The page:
But here's some good news: the US and Mexico are going to sign an agreement on Colorado River water. And it looks like it's both realistic and fair.

And some wonderful color photos of America in the early 1940s.

Added later: Culture shock on returning to the US from Estonia.

Happy Thanksgiving, everyone!

Monday, November 19, 2012

Bits and Pieces - November 19, 2012

If you read only one thing on the situation between Israel and Gaza, read Dahlia Lithwick's article in Slate.

Something easier - using computer translation algorithms to crack an 18th century secret society code.

Steven Pinker summarizes nicely his argument from The Better Angels of Our Nature, and commenters ask some of the questions I had about the book.

President Obama's speech at University of Yangon.

My analysis of evidence that some have concluded means that Myanmar has been working toward nuclear weapons.

Beautiful photos from Turkmenistan. 

Added later: Is it Myanmar or Burma?

Saturday, November 17, 2012

Bits and Pieces - November 17, 2012

How Mean Girls explains the Petraeus scandal. Read past the first two paragraphs. Intelligent and ambitious women still have to get ahead by sleeping with men. People without power are always petty toward one another.

And yeah, if you have responsibility at some level for the nuclear codes, you're not supposed to mess around.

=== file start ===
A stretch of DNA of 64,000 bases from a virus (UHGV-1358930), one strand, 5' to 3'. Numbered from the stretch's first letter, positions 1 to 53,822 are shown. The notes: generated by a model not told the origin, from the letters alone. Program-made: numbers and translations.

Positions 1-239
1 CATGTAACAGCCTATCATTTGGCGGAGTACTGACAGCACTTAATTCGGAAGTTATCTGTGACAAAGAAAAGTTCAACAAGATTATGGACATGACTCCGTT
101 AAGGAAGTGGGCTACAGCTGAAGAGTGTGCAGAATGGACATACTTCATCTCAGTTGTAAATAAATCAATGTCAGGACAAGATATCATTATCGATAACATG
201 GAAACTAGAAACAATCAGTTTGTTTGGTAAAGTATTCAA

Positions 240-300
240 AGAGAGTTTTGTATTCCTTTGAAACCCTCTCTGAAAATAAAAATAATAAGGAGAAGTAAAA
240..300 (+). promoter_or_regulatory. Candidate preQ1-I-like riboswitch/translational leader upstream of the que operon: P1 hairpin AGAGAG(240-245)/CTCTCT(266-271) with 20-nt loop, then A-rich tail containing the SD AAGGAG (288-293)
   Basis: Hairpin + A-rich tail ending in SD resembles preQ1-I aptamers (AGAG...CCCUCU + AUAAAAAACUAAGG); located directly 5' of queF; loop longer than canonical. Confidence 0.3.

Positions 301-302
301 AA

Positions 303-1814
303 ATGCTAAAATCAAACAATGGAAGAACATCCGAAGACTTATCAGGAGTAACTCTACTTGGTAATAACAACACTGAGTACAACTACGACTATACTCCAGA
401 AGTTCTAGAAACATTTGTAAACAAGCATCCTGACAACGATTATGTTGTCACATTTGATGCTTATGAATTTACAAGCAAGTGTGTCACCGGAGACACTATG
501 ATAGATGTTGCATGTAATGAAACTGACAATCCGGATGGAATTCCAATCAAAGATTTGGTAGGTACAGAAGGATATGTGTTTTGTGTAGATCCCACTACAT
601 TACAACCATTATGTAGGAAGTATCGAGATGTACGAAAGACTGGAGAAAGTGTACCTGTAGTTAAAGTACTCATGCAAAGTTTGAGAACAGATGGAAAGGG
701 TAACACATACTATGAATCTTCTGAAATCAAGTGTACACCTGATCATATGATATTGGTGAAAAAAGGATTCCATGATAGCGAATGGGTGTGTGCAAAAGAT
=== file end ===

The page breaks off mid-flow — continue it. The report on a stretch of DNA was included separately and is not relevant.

Combine not enough funding to the State Department with the penchant for contract muscle and you've got the potential for trouble beyond Benghazi.

Has Petraeus been a stumbling block in moving toward an agreement with Iran?

The speech JFK would have given if he had ordered an airstrike on Cuba.

Does Senator Tom Coburn sound incoherent in this interview? Now that most of the Teabaggers have been voted out of Congress, is it time to look at some of the other loonies?

Genetic blending between Asia and Europe in the Altai Mountains.

Finnish underwater ice fishing. Watch the video before you read the explanation.

Tuesday, November 13, 2012

Election Mindsets

Beloit College publishes, every year, a sketch of the mindset the newest college students bring to their colleges. Abby, who became famous when she expressed some impatience with the presidential election but now is fine, and her class of 2030 will know that American presidents can be African-American and, very likely, women. That will appear in the 2026 Mindset List, or possibly before.

The Obama girls were lovely on election night. Their mindset lists will will be different from Abby’s. And they will be voting in the next presidential election, or the one after that. So will a lot of other young people for whom segregated water fountains have never existed and the Soviet Union has always been in the past; for whom gay marriage is a possibility and women, some of whom are veterans, are taking a larger place in Congress.